The New Orleans Saints might be the best team in the NFL right now.
And according to Saints tight end Benjamin Watson, they also might be as good as the 2007 New England Patriots, who won 18 consecutive games in the regular season and playoffs before losing to the New York Giants in Super Bowl XLII.
Albert Breer of The MMQB caught up with Watson late Sunday night after New Orleans’ 48-7 win over the Philadelphia Eagles. During their conversation, Breer asked Watson, who played for the ’07 Patriots, how this year’s Saints team compares to that New England squad. Watson acknowledged there are some similarities.
?Obviously, 2007 in New England was really special,? Watson told Breer. ?And this year, in many ways, it kind of does (feel the same), just in the way that we?re able to execute on offense. We get up to the line of scrimmage, there?s not much that we call that we don?t think we can execute. You?ve got a variety of different guys that contributing in different ways. The only thing I would say different would be that the guys that are the stars of this offense are probably younger than they were in New England.
“We had guys like Randy Moss, Wes Welker, veteran players. We?ve got guys like Tre?Quan (Smith) and we?ve got Michael Thomas obviously and Alvin (Kamara) and Mark (Ingram), and Mark?s the oldest of those four. The offenses are a little bit different, but when you?ve got a guy like No. 9, when you have a guy like No. 12 in New England like we had, it just brings a whole lot of confidence.?
The 2007 Patriots are widely considered one of the best teams in NFL history despite ultimately losing to the Giants. They steamrolled the competition for much of that season, with Tom Brady performing at a ridiculous level that saw him deliver 50 touchdown passes (23 to Randy Moss) to just eight interceptions.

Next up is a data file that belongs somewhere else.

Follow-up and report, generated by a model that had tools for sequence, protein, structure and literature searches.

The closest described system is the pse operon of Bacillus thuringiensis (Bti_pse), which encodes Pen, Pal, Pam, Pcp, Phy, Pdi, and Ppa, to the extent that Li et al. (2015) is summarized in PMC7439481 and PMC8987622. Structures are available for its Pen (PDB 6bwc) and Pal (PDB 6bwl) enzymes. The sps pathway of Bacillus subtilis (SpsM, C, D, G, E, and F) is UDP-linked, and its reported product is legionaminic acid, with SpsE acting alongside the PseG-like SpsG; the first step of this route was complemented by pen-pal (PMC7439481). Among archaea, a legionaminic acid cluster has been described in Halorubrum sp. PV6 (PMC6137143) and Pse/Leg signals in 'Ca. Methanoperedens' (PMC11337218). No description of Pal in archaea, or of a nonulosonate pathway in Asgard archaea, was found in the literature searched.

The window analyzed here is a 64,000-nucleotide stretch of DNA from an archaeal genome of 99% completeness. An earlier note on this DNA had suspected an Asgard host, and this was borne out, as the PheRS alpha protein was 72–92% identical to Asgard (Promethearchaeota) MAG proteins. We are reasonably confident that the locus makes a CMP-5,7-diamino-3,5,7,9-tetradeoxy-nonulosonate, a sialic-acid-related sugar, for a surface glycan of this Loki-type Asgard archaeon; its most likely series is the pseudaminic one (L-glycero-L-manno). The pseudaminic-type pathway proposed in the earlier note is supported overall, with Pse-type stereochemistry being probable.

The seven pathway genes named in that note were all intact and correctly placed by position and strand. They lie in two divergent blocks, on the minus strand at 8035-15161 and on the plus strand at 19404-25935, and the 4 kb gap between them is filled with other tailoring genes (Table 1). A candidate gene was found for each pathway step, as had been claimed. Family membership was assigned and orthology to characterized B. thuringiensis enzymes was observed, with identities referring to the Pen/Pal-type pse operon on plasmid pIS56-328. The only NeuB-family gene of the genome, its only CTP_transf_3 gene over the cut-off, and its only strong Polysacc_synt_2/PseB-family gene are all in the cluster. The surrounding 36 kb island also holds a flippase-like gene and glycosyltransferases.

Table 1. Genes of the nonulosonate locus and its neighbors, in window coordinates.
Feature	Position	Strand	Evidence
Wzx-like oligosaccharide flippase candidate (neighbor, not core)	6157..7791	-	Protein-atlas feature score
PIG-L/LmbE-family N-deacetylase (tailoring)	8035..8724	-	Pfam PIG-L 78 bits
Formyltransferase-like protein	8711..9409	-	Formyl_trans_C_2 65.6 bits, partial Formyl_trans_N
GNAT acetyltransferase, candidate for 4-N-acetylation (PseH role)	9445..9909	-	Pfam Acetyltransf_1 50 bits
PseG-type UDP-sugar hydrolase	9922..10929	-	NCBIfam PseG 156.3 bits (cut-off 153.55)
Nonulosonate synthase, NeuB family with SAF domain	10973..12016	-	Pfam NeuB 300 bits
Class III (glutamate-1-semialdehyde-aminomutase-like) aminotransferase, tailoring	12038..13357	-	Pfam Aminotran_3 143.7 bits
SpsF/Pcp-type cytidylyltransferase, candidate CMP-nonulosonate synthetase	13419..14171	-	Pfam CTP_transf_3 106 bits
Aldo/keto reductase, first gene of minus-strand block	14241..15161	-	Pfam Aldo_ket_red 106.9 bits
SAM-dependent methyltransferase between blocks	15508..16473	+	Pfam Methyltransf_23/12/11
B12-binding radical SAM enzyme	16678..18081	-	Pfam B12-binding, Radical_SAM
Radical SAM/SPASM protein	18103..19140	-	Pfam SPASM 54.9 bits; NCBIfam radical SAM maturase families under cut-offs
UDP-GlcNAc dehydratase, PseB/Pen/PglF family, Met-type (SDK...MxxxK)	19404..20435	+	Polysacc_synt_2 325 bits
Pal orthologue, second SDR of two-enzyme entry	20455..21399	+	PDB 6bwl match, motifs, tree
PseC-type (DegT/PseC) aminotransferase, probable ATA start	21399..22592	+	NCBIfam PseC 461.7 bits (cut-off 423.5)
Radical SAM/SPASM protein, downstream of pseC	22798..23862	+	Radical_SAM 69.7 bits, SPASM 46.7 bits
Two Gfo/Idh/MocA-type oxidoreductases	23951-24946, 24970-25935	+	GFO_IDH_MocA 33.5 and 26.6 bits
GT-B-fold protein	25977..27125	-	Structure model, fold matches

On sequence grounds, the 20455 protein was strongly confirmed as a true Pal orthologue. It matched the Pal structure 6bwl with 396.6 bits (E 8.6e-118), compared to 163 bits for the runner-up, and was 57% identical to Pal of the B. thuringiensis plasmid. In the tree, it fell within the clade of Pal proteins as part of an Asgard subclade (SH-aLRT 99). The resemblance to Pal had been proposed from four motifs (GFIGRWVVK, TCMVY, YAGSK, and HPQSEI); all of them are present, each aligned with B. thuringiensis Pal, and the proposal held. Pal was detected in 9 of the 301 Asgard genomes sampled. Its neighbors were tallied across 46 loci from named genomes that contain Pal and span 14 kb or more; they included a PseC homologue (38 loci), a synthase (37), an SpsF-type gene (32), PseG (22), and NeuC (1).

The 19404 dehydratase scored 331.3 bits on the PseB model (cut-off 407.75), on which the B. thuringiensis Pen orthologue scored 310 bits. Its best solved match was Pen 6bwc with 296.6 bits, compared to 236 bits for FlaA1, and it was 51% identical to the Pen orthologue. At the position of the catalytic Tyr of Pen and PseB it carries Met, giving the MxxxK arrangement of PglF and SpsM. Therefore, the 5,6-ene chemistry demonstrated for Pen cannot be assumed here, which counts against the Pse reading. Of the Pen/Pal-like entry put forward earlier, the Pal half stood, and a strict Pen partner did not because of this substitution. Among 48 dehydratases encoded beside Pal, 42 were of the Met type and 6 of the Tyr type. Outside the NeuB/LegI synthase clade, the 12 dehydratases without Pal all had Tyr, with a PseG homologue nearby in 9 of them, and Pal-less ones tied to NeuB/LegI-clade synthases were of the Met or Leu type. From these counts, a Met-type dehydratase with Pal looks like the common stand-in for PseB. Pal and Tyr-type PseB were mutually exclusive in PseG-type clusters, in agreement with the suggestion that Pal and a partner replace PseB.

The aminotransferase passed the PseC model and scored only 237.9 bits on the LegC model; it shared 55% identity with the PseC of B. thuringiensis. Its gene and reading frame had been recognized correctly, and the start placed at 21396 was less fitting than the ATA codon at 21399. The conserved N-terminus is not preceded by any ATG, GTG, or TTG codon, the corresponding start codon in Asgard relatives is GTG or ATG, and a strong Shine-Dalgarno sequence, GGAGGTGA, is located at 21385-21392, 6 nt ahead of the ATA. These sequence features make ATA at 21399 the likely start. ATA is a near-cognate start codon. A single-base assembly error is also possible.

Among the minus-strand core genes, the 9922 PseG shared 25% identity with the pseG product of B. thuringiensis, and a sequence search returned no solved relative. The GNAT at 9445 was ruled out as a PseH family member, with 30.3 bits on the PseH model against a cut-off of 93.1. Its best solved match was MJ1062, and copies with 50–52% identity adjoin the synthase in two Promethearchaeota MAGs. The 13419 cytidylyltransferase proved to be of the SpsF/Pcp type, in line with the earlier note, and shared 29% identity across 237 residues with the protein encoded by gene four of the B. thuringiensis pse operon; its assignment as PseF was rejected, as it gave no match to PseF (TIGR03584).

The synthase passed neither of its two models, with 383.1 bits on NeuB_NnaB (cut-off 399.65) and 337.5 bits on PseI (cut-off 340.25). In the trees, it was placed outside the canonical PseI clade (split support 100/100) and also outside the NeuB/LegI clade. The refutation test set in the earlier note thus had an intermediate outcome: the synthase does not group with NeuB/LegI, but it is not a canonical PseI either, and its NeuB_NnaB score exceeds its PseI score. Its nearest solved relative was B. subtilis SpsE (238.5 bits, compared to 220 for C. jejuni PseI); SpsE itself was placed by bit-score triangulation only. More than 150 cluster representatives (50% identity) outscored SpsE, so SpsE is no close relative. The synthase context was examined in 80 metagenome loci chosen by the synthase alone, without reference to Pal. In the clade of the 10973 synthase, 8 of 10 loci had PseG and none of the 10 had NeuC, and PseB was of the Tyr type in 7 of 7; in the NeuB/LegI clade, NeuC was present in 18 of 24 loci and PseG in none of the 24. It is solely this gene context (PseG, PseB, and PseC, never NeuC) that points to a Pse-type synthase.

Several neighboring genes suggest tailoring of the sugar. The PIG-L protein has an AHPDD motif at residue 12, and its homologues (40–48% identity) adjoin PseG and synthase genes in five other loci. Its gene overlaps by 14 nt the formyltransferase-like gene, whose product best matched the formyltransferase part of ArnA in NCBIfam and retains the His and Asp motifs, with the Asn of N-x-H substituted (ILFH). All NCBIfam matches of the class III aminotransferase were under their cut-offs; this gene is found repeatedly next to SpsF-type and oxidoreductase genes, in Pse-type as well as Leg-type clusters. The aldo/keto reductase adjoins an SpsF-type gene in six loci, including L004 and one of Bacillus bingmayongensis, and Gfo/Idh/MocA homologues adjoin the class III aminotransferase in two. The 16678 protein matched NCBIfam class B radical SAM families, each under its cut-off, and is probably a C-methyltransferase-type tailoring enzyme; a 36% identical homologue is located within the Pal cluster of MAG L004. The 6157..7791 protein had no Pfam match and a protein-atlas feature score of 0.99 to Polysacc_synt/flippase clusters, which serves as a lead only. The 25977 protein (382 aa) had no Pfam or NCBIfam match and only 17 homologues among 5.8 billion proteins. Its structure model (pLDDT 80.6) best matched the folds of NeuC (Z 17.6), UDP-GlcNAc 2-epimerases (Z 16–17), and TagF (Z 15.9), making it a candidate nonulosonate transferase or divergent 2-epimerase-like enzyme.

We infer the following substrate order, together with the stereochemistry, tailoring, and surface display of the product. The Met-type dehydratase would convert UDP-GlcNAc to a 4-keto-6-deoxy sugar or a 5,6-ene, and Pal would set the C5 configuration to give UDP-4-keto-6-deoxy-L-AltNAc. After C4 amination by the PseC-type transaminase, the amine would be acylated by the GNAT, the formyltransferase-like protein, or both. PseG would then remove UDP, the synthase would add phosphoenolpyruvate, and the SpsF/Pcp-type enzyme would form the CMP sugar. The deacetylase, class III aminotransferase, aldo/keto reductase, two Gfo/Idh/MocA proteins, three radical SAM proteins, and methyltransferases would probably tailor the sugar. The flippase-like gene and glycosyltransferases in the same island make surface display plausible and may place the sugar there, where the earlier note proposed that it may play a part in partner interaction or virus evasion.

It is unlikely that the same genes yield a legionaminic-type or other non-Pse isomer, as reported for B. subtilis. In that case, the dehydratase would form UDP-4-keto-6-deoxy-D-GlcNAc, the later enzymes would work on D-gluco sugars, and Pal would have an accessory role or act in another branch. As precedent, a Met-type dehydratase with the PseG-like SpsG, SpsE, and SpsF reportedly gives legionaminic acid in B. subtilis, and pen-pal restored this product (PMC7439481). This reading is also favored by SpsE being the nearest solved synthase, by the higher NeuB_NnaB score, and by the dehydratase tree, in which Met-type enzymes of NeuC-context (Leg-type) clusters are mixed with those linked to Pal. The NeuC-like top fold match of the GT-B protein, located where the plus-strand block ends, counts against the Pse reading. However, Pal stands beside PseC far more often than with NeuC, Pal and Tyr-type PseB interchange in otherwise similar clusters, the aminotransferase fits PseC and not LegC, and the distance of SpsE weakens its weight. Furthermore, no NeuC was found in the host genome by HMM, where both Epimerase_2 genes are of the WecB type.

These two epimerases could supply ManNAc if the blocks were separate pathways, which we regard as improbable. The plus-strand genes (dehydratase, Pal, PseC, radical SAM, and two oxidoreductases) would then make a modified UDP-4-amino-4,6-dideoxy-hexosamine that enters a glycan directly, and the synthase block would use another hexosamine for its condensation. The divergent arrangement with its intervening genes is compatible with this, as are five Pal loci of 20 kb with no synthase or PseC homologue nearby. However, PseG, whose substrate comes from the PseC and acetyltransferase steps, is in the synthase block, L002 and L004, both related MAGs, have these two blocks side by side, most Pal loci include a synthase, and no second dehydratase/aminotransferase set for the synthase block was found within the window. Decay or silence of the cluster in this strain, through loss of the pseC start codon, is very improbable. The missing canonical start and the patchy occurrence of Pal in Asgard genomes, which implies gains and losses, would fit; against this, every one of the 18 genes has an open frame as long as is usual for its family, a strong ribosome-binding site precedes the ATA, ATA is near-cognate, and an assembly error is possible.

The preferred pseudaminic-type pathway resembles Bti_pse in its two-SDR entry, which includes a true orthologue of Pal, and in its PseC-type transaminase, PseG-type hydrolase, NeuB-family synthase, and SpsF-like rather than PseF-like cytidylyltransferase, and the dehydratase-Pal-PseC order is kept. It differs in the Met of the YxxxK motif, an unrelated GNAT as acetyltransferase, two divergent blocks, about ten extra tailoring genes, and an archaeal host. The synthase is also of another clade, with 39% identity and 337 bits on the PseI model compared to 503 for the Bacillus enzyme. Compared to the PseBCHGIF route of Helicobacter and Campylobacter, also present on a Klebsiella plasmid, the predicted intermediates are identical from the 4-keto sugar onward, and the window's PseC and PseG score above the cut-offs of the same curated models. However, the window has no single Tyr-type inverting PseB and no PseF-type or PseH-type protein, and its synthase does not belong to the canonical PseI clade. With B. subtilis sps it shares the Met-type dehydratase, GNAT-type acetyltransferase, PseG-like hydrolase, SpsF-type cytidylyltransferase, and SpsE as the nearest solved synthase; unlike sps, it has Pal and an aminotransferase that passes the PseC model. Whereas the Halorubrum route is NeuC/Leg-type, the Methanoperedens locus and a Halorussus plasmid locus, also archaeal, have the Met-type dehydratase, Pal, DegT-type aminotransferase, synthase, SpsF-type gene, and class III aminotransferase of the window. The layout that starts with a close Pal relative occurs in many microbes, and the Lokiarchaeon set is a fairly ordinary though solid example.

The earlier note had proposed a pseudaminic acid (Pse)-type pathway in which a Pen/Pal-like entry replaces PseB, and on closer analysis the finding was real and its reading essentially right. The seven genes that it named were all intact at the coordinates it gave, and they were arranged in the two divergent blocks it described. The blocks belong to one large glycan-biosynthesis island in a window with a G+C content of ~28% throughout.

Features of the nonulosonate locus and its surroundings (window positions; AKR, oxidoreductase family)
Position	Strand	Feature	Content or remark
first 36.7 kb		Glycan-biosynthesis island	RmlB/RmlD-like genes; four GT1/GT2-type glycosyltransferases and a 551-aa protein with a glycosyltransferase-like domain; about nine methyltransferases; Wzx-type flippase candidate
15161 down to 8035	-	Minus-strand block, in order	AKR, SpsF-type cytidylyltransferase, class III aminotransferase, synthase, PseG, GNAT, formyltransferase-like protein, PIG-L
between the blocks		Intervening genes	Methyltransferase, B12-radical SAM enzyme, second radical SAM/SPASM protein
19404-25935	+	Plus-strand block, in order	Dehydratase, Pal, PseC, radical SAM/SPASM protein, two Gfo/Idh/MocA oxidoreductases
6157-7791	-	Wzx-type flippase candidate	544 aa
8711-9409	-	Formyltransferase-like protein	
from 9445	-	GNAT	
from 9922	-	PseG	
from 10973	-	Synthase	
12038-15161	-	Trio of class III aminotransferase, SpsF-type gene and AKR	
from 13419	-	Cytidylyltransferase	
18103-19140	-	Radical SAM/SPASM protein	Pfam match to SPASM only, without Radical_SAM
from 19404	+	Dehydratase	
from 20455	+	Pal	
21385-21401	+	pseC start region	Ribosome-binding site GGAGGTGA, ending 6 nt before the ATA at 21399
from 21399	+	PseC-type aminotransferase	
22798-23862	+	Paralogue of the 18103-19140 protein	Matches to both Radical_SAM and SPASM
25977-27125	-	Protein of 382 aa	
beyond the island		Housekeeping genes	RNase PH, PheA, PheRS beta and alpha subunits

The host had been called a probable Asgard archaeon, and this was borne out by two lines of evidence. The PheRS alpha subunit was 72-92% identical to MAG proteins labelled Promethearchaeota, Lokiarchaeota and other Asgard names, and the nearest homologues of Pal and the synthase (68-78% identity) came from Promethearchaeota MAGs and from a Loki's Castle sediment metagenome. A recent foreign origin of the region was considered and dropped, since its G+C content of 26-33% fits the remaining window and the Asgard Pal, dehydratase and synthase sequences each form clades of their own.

On the surface, the Saints haven’t seemed quite as dominant. They’ve rattled off nine straight victories after a season-opening loss, though, and lead the NFL with 37.8 points per game. Brees, like Brady in 2007, is playing at an MVP-caliber level through 10 games.
?There is a certain characteristic, going back to your first question about the New England and the culture that?s there, as far as being steady, and understanding that you?re going to win and that?s great for a few days but nobody cares the next week,? Watson said, according to Breer. ?And understanding that you have to approach each game specifically, you have to get ready to play each game because anybody can beat you.?
The whole debate could be settled before the season’s over, especially if the Saints flop down the stretch or in the playoffs. But it’s interesting to hear Watson’s comparison, if nothing else, as he spent six seasons with New England (2004-09) and is in the midst of his fourth campaign with New Orleans (2013-15; 2018).